Devonshire paid his Forced Loan assessment of £600 in November 1626 and was subsequently active in implementing the Loan in Derbyshire. However, when he received a Privy Seal demanding a further £600 in January 1628 he refused to pay.94 He increased his indebtedness ‘by the magnificence of his living both in town and country, his house appearing rather like a prince’s court that a subject’s’.95 A bill introduced in the third Caroline Parliament, enabling him to sell land to pay debts of £20,000, finally passed the Commons on 10 June 1628.96 He made his will seven days later. It was witnessed by the Scottish divine Walter Balcanquall, Thomas Hobbes and Samuel Turner*, and constituted his ‘loving wife’ as sole executrix, who was commended as the fittest guardian of his infant children. She subsequently justified his confidence by restoring the prosperity of the estate. He gave £50 each to Philip Mainwaring*, Thomas Bond* and Dr. John Craig, the last of whom had testified during the impeachment proceedings against Buckingham in 1626 concerning the application of the plaster to James I.97 He died three days later at his London house ‘from indulgence in good living’.98 His bowels were buried the following night at St. Botolph Bishopsgate and the rest of his body on 11 July 1628 in All Saints, Derby where a monument was erected.99 His grandson sat for Derbyshire in the Cavalier Parliament and later as an Exclusionist, and after the Glorious Revolution attained the highest rank in the peerage.
Ref Volumes: 1604-1629
Author: Virginia C.D. Moseley
- 1. CP, iv. 340-1.
- 2. L. Hulse, ‘Hardwick mss 29: A New Source for Jacobean Lutenists’, Lute, xxvi. 63.
- 3. Oxford DNB sub Hobbes, Thomas.
- 4. GI Admiss.
- 5. Oxford DNB sub Hobbes, Thomas.
- 6. CP, iv. 340-1; Oxford DNB; Shaw, Knights of Eng. ii. 247.
- 7. SP14/33, f. 5; C66/2047; 66/2449; C231/4, f. 166.
- 8. C66/1822.
- 9. C66/1898; E163/18/12, f. 14v.
- 10. C231/4, ff. 58, 203; C66/2449.
- 11. C231/4, f. 43; E163/18/12, f. 14v.
- 12. APC, 1618-19, p. 116.
- 13. C181/1, f. 307; 181/3, f. 205v.
- 14. C181/3, ff. 116, 204v.
- 15. Sainty, Lords Lieutenants, 17.
- 16. C212/22/20-1, 23.
- 17. E179/93/355, f. 1; C193/12/2, ff. 1, 9, 28, 42v, 53v, 81v.
- 18. C181/3, f. 226.
- 19. SP16/35/40; CSP Dom. 1627-8, p. 307.
- 20. Recs. Virg. Co. ed. S.M. Kingsbury, iii. 534, 603, 651; T.K. Rabb, Enterprise and Empire, 262.
- 21. PROB 11/152, f. 97v.
- 22. Collins, Peerage, i. 303-5, 312, 316.
- 23. William Senior’s Survey of Estates of First and Second Earls of Devonshire ed. D.V. Fowkes and G.R. Potter (Derbs. Rec. Soc. xiii), p. xviii.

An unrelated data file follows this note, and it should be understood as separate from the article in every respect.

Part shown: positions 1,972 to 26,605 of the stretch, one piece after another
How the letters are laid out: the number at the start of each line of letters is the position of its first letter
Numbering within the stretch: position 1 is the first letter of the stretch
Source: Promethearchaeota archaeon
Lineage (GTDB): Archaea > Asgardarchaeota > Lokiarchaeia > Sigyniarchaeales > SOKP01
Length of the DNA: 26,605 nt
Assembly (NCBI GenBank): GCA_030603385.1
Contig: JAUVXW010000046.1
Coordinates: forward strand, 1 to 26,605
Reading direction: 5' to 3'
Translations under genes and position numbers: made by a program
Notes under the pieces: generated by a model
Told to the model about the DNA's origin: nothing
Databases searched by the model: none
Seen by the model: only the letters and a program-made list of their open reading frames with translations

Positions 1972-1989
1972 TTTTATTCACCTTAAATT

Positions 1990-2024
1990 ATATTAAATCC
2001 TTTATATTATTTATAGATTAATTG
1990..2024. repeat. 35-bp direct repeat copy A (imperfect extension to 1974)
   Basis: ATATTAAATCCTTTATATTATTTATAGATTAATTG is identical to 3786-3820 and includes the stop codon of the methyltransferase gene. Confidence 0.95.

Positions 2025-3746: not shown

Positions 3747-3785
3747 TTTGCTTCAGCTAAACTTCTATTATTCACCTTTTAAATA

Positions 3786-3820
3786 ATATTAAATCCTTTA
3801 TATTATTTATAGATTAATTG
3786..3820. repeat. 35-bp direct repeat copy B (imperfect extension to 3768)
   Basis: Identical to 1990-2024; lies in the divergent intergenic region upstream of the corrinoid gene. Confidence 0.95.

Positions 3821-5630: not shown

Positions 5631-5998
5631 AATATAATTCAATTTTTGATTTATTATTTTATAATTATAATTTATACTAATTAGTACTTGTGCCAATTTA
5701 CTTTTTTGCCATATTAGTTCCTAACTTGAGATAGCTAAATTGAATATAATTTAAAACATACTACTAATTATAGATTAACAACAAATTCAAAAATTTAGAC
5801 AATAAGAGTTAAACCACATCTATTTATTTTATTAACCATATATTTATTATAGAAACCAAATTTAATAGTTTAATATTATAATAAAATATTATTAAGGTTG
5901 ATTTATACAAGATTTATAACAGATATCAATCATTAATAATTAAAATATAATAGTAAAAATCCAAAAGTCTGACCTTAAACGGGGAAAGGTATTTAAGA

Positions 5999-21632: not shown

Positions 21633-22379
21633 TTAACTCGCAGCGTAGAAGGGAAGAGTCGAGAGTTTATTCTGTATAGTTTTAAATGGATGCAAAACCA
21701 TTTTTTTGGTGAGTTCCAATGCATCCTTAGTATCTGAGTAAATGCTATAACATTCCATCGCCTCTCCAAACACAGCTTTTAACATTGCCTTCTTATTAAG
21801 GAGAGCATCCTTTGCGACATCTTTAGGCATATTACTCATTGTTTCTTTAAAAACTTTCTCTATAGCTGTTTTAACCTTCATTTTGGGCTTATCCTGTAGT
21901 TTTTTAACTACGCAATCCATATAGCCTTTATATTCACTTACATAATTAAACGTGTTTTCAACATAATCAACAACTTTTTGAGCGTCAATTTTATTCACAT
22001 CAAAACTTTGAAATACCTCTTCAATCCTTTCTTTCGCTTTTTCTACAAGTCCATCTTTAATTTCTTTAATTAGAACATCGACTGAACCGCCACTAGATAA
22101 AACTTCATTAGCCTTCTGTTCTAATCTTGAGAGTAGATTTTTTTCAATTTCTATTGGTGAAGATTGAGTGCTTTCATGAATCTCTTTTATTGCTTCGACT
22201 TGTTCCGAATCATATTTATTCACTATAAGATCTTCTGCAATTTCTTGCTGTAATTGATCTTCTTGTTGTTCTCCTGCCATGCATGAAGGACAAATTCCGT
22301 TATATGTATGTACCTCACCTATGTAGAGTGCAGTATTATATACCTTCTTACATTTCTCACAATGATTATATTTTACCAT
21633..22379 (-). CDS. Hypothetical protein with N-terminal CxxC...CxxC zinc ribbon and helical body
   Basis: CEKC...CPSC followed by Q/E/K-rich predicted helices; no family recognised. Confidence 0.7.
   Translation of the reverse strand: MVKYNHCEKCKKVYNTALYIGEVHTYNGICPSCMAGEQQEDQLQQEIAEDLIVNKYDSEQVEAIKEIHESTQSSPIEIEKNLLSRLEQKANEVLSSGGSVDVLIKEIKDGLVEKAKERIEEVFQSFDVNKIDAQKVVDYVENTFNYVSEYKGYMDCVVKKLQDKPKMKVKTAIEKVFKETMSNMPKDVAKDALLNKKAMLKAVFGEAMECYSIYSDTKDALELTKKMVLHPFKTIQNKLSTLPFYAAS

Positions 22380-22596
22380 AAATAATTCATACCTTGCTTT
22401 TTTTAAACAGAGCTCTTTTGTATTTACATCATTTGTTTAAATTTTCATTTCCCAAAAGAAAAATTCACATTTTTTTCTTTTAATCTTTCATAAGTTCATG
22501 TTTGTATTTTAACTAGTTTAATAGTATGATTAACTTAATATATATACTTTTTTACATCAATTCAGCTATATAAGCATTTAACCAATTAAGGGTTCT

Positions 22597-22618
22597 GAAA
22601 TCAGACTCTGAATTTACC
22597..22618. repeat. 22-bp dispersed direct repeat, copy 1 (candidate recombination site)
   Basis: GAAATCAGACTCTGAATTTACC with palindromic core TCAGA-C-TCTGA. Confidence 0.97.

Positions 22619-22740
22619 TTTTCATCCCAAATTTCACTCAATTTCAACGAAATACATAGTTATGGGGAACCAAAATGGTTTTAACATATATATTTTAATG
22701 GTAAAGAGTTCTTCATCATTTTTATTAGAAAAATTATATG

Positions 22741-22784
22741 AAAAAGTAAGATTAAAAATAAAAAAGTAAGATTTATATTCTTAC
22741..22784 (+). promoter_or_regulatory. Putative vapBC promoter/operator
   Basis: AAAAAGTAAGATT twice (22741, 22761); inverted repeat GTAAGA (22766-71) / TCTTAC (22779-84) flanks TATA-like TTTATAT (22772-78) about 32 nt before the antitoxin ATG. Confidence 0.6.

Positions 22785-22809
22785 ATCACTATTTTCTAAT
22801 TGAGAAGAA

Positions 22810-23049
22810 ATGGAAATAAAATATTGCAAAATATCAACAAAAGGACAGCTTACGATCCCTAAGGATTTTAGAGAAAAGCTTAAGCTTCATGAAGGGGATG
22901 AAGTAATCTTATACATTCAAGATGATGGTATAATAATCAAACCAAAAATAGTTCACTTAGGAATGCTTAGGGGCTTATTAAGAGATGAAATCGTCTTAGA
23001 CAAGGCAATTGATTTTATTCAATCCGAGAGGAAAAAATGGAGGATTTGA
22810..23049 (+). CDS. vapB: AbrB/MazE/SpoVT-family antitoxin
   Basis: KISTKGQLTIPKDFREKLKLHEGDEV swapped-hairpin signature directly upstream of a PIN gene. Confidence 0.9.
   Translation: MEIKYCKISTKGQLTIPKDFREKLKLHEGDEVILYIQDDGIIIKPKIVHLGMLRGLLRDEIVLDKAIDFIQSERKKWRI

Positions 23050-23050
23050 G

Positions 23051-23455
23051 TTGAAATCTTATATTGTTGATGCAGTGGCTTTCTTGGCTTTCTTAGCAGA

- 24. Vis. Cheshire (Harl. Soc. lix), 48; Oxford DNB sub Bruen, John.
- 25. STAC 8/13/8.
- 26. Illustrations of Brit. Hist. ed. E. Lodge, iii. 233; HMC Bath, v. 134.
- 27. W. Pomfret, Lady Devonshire, 21.
- 28. Oxford DNB sub Hobbes, Thomas.
- 29. STAC 8/13/8.
- 30. SO3/4, unfol. Feb. 1610.
- 31. HMC 10th Rep. IV, 406; L. Peck, Northampton, 36-7.
- 32. Pomfret, 24.
- 33. C2/Jas.I/C9/64.
- 34. Procs. 1614 (Commons), 235.
- 35. Ibid. 319, 320, 327.
- 36. Ibid. 322, 346, 405.
- 37. SO3/6, June 1614; C2.Jas.I/C9/64.
- 38. Carleton to Chamberlain ed. M. Lee, 6; W. Kennet, Mems. of Cavendish Fam. 6.
- 39. HMC 10th Rep. IV, 402; H.T. Weyman, ‘Members of Parl. for Bishops Castle’ Trans. Salop Arch. Soc. (ser. 2), x. 41.
- 40. Kennet, 6.
- 41. Recs. Virg. Co. i. 275, 398; ii. 31, 34; iii. 81.
- 42. CD 1628, iv. 227; Pomfret, 24.
- 43. CSP Dom. 1619-23, p. 192.
- 44. CJ, i. 507b, 518a.
- 45. Ibid. 514b.
- 46. Ibid. 522b; CD 1621, vi. 258.
- 47. CJ, i. 531b, 532b, 543a.
- 48. Ibid. 544a
- 49. Ibid. 551a; Nicholas, Procs. 1621, i. 172.
- 50. CJ, i. 575b, 577b.
- 51. Ibid. 581a, 605b; CD 1621, iii. 12; v. 333.
- 52. CJ, i. 582b, 591a, 595a, 654b.
- 53. CD 1621, v. 386.
- 54. CJ, i. 614b, 626a.
- 55. Ibid. 637b.
- 56. CD 1621, ii. 469.
- 57. CJ, i. 655a.
- 58. Recs. Virg. Co. ii. 171; iv. 192; APC, 1621-3, pp. 491, 498.
- 59. Recs. Virg. Co. ii. 420; iv. 198, 247.
- 60. APC, 1623-5, p. 59; CSP Dom. 1623-5, p. 28.
- 61. Ferrar 1624, p. 11; CJ, i. 670.
- 62. CJ, i. 722a, 676b, 683a.
- 63. Ibid. 749b.
- 64. Ibid. 754a, 776a.
- 65. ‘Earle 1624’, f. 127; CJ, i. 760a, 760b.
- 66. ‘Nicholas 1624’, f. 138v; CJ, i. 764a.
- 67. ‘Earle 1624’, f. 142; Holles 1624, p. 82.
- 68. ‘Holland 1624’, ii. f. 29v.
- 69. CJ, i. 691a, 695a, 705b, 774a.
- 70. Ferrar 1624, pp. 83-8; C.R. Kyle, ‘Attendance Lists’, PPE 1604-48 ed. Kyle, 202.
- 71. CJ, i. 781b.
- 72. Ibid. 783a.
- 73. ‘Hawarde 1624’, p. 241; J.R. Dias, ‘Lead, Soc. and Pols. in Derbys. before the Civil War’, Midland Hist. vi. 46; CJ, i. 769a, 787b; Kyle, 214.